Medical Imaging and Modern Art: Encounters over a Virtual Body

Special report: “Psychoanalysis, the Body and Society”
By Rémy Potier

Modern art offers us a singular and revealing perspective on the body and the way it is experienced today. Based on this interest in the body, the latter's virtualization has also become a source of artistic inspiration. To present this virtual body, artists sometimes use images produced by medical imaging technologies. The actualization of the virtual body poses a question for them. The images of the body produced by medicine are thus integrated into their artistic works. In an era of sophisticated technological equipment, this encounter between art and medicine raises the question of the position of these images in our culture and the way in which they illustrate our relationship to otherness and to death. Today, medical imaging provides one of the key illustrations of the body, seen at its most intimate. This technology is the inescapable medium through which we imagine our living body, a body that is subject to illness and doomed to death. It is therefore useful to look at contemporary art and what it tells us about the subject’s encounter with medical imaging. The cultural discontent of today is closely related to our immersion in the (virtual) image, while the access to and use of these technologies is becoming increasingly widespread and extends far beyond the field of healthcare. Since the 20th century, art has been trying to show the aspects of the body that these techniques have allowed us to see, as they are gradually seeping into our culture one after another, and ultimately modify our relationship to the body and its representation. Xrays, close-ups, macrophotography—each of these have been enlisted in the service of art. This detour through art can teach us a great deal, helping us see the extent to which looking at these images confounds and challenges the very idea of representation.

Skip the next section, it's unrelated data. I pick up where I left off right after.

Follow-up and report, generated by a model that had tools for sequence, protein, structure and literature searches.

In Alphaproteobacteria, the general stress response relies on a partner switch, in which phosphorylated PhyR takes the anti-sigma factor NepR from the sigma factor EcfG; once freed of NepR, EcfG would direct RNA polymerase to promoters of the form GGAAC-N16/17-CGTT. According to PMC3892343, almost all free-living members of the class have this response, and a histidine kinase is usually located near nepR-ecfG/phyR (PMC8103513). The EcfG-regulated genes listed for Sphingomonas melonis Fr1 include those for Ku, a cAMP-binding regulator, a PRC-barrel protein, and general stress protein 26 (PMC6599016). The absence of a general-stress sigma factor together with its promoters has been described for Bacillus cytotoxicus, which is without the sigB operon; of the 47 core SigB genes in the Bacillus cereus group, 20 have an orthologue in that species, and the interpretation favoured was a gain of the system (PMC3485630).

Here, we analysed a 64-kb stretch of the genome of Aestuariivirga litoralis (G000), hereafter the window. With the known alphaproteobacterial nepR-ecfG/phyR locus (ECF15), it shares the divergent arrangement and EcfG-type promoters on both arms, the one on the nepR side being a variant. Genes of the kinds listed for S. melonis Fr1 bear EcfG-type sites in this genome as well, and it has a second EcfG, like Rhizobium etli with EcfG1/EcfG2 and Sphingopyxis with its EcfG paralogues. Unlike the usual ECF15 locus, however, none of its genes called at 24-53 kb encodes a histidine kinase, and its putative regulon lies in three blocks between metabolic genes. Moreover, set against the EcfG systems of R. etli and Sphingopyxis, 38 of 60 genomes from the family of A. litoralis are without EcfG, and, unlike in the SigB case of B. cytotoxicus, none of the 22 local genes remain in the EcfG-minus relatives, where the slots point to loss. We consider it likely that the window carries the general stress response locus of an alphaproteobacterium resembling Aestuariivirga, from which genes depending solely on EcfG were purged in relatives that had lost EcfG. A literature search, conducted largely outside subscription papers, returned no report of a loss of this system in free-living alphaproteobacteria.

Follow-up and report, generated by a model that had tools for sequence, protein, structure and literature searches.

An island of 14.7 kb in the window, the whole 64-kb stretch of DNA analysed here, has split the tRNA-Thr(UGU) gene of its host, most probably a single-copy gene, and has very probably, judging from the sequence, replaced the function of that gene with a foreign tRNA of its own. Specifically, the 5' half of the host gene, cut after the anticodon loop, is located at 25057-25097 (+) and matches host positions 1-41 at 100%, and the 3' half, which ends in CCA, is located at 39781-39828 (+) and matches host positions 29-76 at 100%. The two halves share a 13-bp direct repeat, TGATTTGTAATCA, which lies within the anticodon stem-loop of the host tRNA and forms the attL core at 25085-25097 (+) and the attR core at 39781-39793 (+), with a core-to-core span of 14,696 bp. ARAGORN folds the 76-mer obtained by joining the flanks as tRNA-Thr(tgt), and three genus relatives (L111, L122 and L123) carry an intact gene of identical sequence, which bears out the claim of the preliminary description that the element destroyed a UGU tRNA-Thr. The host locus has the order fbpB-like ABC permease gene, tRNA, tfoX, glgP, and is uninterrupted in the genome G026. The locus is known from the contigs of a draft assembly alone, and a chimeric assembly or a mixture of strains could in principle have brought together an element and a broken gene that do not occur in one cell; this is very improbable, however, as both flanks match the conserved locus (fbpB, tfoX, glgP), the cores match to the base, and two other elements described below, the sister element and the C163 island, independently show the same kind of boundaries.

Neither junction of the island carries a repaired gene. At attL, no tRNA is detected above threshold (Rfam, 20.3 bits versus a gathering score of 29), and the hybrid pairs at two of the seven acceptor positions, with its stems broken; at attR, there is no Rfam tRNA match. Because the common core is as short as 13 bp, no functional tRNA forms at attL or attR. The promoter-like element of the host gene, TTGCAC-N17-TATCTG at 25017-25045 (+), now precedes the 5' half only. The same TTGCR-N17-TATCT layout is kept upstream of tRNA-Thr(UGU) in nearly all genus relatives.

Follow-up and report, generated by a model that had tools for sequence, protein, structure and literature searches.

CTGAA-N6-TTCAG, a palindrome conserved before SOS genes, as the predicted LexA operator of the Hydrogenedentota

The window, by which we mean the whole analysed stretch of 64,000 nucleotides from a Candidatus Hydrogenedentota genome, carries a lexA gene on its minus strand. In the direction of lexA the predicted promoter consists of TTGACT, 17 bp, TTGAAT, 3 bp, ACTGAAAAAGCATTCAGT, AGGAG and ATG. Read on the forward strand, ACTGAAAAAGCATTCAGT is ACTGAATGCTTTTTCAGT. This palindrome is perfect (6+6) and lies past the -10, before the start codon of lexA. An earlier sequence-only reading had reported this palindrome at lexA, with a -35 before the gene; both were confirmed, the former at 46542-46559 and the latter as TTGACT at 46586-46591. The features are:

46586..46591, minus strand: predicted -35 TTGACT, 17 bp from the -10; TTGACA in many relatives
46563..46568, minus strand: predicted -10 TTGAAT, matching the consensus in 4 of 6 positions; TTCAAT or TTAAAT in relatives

• psychoanalysis
  • medical imaging
  • contemporary art
  • culture
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